Fukushima to ban rice grown in Onami due to high radioactive cesium reading

High reading of cesium in sample keeps crop off market

The government on Thursday banned shipments of rice harvested in the Onami district in the city of Fukushima after one farm’s product registered levels of radioactive cesium above the provisional limit.

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Not marketable: Bags of rice grown in the city of Fukushima and contaminated with radioactive cesium exceeding the government limit are piled up in a local warehouse Thursday. KYODO

It is the first ban on rice shipments since the devastating nuclear crisis was triggered by the March 11 earthquake and tsunami.

Chief Cabinet Secretary Osamu Fujimura said the government instructed Fukushima Gov. Yuhei Sato to impose the ban, while also requesting the prefecture to conduct further tests on rice harvested in Onami.

The high cesium level was detected before the rice from that farm was shipped, he said.

The Fukushima Prefectural Government said Wednesday that the cesium level was 630 becquerels per kilogram. The central government’s provisional limit is 500 becquerels.

Onami is about 80 km from the Fukushima No. 1 nuclear power plant.

Fukushima officials said the prefecture had examined earlier samples of rice from the area and didn’t find cesium above the 500-becquerel threshold.

The contaminated rice was found when a farmer from Onami took unmilled rice to a local agricultural cooperative for inspection on Monday.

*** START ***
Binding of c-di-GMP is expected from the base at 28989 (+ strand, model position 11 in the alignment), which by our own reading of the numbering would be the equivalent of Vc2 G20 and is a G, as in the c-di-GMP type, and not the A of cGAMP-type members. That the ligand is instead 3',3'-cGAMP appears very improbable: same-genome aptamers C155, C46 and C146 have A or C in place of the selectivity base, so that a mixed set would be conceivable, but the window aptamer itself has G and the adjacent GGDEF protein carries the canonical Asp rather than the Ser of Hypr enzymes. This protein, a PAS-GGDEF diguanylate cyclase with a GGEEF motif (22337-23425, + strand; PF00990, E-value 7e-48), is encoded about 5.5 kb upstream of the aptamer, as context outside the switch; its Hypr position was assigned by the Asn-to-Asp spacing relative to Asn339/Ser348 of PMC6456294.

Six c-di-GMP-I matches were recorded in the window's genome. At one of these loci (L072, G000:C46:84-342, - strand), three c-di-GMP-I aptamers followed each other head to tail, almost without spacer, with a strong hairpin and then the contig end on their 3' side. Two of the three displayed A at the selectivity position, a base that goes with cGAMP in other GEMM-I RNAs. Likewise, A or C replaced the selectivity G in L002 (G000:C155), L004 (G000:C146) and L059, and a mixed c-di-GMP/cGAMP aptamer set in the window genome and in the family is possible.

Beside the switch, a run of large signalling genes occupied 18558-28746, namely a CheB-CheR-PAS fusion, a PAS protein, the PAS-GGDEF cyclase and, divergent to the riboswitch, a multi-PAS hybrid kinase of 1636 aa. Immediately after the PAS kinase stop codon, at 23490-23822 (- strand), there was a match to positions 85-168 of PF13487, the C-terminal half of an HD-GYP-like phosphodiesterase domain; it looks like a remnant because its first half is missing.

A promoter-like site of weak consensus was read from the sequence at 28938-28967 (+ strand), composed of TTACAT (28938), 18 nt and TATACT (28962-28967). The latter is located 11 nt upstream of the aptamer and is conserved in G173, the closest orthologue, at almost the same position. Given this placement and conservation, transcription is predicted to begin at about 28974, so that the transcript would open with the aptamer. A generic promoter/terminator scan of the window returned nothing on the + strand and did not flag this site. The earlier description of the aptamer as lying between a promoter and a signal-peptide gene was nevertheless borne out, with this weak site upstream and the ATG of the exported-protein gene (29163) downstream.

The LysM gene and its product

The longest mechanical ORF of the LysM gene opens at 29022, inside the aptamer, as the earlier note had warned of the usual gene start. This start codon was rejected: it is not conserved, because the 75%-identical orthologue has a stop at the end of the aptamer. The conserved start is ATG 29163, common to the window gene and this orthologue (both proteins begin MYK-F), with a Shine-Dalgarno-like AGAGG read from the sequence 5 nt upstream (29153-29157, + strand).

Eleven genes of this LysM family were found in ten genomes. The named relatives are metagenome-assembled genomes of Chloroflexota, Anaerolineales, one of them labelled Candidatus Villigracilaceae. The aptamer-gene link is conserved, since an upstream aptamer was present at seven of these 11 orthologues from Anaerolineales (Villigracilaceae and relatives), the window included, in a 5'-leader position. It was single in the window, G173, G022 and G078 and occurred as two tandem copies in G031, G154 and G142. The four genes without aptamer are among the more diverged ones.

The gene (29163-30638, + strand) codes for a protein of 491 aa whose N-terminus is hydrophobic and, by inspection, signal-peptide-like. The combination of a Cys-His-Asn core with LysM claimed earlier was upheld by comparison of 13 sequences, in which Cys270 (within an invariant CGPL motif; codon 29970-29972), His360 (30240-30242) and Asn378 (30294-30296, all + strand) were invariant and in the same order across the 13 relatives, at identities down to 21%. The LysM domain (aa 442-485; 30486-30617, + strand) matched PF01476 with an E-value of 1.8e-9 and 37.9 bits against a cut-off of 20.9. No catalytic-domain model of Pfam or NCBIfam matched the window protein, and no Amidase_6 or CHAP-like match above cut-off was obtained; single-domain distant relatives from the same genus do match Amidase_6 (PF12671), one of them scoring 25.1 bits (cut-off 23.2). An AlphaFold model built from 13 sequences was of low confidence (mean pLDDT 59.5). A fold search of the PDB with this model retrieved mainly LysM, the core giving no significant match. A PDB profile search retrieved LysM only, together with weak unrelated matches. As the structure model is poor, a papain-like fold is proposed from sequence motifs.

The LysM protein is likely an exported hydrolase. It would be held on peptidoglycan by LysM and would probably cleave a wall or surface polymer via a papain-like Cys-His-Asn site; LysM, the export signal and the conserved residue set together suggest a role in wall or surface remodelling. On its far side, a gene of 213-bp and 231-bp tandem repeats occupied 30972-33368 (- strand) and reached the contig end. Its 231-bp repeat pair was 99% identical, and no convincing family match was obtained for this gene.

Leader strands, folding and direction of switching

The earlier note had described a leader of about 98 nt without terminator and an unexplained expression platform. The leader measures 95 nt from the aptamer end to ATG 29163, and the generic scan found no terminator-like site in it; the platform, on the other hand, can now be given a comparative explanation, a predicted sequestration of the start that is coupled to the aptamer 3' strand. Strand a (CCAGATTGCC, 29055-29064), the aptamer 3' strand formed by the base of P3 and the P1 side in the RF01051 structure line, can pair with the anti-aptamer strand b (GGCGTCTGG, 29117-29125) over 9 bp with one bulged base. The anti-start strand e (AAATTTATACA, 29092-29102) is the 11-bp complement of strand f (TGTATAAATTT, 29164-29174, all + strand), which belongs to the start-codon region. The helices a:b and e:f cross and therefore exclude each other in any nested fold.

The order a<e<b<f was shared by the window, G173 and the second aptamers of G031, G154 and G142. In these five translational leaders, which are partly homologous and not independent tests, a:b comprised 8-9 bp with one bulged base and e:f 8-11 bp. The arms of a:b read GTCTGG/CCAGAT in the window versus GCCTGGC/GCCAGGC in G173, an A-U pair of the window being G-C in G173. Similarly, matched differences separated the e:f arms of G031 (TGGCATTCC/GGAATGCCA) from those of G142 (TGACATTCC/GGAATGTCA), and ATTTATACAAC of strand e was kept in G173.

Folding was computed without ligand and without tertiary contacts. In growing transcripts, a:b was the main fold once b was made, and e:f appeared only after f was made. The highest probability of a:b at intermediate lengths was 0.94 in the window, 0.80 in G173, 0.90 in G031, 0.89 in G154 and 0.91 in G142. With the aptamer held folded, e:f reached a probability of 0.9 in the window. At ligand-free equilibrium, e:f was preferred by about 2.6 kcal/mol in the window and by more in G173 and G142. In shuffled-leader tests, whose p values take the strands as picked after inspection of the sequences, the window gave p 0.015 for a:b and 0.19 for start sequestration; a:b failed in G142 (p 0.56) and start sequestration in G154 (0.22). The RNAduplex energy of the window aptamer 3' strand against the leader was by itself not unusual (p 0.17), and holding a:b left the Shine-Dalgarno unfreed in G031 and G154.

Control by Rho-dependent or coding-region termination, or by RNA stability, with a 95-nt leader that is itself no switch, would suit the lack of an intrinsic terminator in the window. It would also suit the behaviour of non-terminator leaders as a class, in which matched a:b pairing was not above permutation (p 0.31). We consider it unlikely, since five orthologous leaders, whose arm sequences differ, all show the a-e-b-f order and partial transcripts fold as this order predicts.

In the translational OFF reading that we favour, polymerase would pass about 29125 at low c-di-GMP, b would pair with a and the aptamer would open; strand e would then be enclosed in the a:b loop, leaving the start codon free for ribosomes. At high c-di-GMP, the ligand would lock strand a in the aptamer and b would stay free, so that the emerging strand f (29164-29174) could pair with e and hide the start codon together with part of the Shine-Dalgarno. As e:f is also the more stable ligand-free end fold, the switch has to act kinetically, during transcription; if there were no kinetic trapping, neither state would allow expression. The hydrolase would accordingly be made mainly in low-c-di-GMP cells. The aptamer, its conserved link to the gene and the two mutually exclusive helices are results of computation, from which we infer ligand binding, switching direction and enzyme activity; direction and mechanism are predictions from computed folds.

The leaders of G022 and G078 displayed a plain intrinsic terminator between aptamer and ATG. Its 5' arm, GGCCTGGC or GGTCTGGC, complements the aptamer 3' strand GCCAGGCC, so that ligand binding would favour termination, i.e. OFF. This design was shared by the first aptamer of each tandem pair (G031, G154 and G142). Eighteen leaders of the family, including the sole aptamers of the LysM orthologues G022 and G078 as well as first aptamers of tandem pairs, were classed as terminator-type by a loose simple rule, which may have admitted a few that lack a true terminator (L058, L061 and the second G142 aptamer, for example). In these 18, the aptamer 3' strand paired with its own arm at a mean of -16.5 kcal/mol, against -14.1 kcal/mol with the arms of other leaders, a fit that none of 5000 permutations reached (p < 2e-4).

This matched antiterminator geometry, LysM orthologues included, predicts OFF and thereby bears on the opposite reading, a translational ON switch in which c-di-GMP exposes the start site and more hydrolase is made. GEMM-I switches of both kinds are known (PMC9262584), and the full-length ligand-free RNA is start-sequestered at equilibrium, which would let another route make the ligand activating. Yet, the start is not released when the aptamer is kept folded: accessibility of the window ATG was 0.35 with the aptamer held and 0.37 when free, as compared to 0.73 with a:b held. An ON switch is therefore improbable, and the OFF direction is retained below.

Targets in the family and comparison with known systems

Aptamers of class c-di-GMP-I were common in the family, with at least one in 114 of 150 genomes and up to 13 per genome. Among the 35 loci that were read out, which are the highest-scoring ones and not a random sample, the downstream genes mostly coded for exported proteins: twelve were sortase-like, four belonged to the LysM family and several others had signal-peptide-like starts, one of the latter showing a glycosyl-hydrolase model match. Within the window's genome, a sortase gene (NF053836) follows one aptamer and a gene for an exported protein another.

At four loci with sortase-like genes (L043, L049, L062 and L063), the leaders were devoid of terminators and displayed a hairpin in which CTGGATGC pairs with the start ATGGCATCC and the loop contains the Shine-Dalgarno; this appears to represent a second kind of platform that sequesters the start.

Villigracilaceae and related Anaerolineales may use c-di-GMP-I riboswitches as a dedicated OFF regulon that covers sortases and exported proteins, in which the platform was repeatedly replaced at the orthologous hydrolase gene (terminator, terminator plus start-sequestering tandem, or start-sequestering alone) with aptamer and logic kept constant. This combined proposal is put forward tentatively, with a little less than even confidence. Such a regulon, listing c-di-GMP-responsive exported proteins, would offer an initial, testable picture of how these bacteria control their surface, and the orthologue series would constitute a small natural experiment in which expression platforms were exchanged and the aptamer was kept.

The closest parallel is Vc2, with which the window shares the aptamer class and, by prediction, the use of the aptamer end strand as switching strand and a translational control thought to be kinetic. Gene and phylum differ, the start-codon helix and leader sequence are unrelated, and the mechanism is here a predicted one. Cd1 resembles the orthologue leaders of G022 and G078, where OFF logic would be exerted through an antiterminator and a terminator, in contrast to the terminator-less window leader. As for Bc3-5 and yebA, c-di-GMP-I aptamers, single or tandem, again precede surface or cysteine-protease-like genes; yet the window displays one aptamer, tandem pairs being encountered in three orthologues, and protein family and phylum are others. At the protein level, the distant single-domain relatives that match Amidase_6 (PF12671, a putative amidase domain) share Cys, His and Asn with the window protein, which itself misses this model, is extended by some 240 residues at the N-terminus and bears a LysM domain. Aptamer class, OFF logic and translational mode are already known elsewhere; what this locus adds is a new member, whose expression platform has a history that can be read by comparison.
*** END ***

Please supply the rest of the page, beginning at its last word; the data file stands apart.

A more precise test Tuesday confirmed the high level of cesium.

Rice grown on the farm this year has not been shipped. The prefectural government on Wednesday requested farmers in the district to refrain from shipping their harvests.

After passing the initial tests, a total of 1 ton of rice from 86 farms among the 154 in the Onami district has already been shipped to local rice sellers, according to the prefecture.

To prevent tainted rice from making it to store shelves, Fujimura said, “the government will continue inspections as we had been doing before.”

An official said the agriculture ministry will consider launching more efficient food inspections next year.

Meanwhile, Prime Minister Yoshihiko Noda will continue to keep eating rice harvested in Fukushima Prefecture at his official residence, Fujimura said.

Noda wrote in his official blog post last month that he began eating rice from Fukushima on Oct. 21, a few days after visiting the prefecture and promising the people there he would switch to Fukushima rice at the Prime Minister’s Official Residence.

“I want to help even though it may do little to wipe away harmful rumors” about Fukushima agricultural products caused by the nuclear disaster, the blog entry says.

Strange dream

I fell asleep at my desk before…

I was helping with the research of llama in the wild. The only thing we really knew about them was that they like banana peels and alliteration.

So I was trying to coax them with phrases like, “little lounging lazy llama” but was having trouble thinking of good alliterations. They grabbed the banana peels from my hand anyway and lay in piles looking at me affectionately. I realized though that I couldn’t remember the purpose of the research or exactly where I was…

doug